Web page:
The human voice is arguably Estonia’s most outstanding musical instrument. Singing is to Estonia as baseball is to America, a national pastime so popular that even government offices have choirs. And as baseball did with racial integration, Estonian singing has facilitated social change, particularly during the late 1980s when its song festivals drew around 10 percent of the population and electrified the independence movement.
With so much competent amateur singing in the culture, professionals can sing to part the heavens, and are equipped for variable conditions: Tenor Mikk Dede, for example, was as impressive performing contemporary sacred songs with Vox Clamantis during Estonian Music Days as he was the following week in Jazzkaar’s Estonian Voices show. Estonian Voices, a showy sextet cut from the cloth of Take Six and Manhattan Transfer, premiered jazz-arranged Baltic folk songs, making child’s play of tight harmonies and interlocking rhythms.
Estonian Voices’ vocal superstar Kadri Voorand turned up again a couple nights later in the festival’s most ambitious performance. The two guitars-two vocals Tormis jazz quartet and the virtuoso Estonian Philharmonic Chamber Choir drew harmonic connections between native folk and jazz, with the quartet’s arrangements of Estonian composer Veljo Tormis’ song-cycles having the range of a trip from the bog to the moon. The show’s most meaningful jazz/classical combo came in four rich lullabies, where the choir’s lilting 6/8 time inspired the two jazz singers to improvise deep into a cross-genre dream. A full house responded most dramatically to especially challenging pieces—as much as Estonians value virtuosity, they still seem to want their creative music a little dangerous.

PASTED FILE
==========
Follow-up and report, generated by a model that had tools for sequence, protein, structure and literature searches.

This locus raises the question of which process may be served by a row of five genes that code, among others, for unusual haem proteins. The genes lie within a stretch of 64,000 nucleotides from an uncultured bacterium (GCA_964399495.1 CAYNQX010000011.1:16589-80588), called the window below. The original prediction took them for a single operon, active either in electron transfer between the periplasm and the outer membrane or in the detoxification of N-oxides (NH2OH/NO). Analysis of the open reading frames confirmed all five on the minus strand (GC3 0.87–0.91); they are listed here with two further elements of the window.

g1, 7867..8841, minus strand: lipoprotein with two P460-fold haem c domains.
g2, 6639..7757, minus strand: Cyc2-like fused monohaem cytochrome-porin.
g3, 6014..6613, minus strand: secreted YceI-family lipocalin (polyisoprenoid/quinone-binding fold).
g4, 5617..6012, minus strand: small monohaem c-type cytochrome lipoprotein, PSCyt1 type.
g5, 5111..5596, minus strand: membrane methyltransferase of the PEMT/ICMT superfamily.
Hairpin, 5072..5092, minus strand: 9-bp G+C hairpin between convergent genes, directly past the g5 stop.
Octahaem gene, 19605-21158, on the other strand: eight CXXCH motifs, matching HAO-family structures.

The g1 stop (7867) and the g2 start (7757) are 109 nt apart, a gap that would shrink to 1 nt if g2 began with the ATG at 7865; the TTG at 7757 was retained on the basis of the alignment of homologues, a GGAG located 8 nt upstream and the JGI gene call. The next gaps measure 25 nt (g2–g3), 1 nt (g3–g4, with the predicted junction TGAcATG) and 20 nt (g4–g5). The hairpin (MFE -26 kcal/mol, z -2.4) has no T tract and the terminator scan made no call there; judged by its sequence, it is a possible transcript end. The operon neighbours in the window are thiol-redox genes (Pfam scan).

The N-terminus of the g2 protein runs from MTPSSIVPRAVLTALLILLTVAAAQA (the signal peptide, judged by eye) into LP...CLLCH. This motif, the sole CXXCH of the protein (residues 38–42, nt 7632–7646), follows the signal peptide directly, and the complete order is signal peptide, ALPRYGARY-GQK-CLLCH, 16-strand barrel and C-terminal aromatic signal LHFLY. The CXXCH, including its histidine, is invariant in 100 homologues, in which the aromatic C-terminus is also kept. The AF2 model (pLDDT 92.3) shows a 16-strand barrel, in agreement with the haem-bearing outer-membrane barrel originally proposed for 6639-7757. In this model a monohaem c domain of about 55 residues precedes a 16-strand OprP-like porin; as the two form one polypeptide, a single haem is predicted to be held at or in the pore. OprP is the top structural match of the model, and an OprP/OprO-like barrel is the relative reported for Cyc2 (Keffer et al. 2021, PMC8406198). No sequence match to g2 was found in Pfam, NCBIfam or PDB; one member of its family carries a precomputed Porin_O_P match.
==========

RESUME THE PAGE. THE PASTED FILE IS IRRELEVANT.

Of Jazzkaar’s 26,000 attendees this year, only about half bought tickets. Free and ticketed concerts are held throughout the country, with an Urban Space Project taking emerging musicians into streets, trams, schools and airports. More exclusive house concerts included a show in a snug Old Town apartment with the four brothers of the Mälgand family band. Ylo Mälgand, one of the country’s top arrangers, played well-structured keyboard solos; bassist Mihkel Mälgand provided the musical agility and warmth that also won him Estonia’s major Danske Jazz Award this year.
Jazzkaar’s eclectic programming always has relied on the unique and highly cultivated tastes of director Anne Erm, who in her 70s still travels widely to attend 200 scouting concerts each year. Erm mentioned to me that she might retire after next year’s 30th anniversary festival, which raises questions about its future artistic direction. But I expect it will be just fine.
Catching five of its 10 days, I found Estonian jazz flourishing, evolving both erudite and popular styles—all with an alluring undercurrent of risk, the inadvertent gift of its Soviet occupation days. DB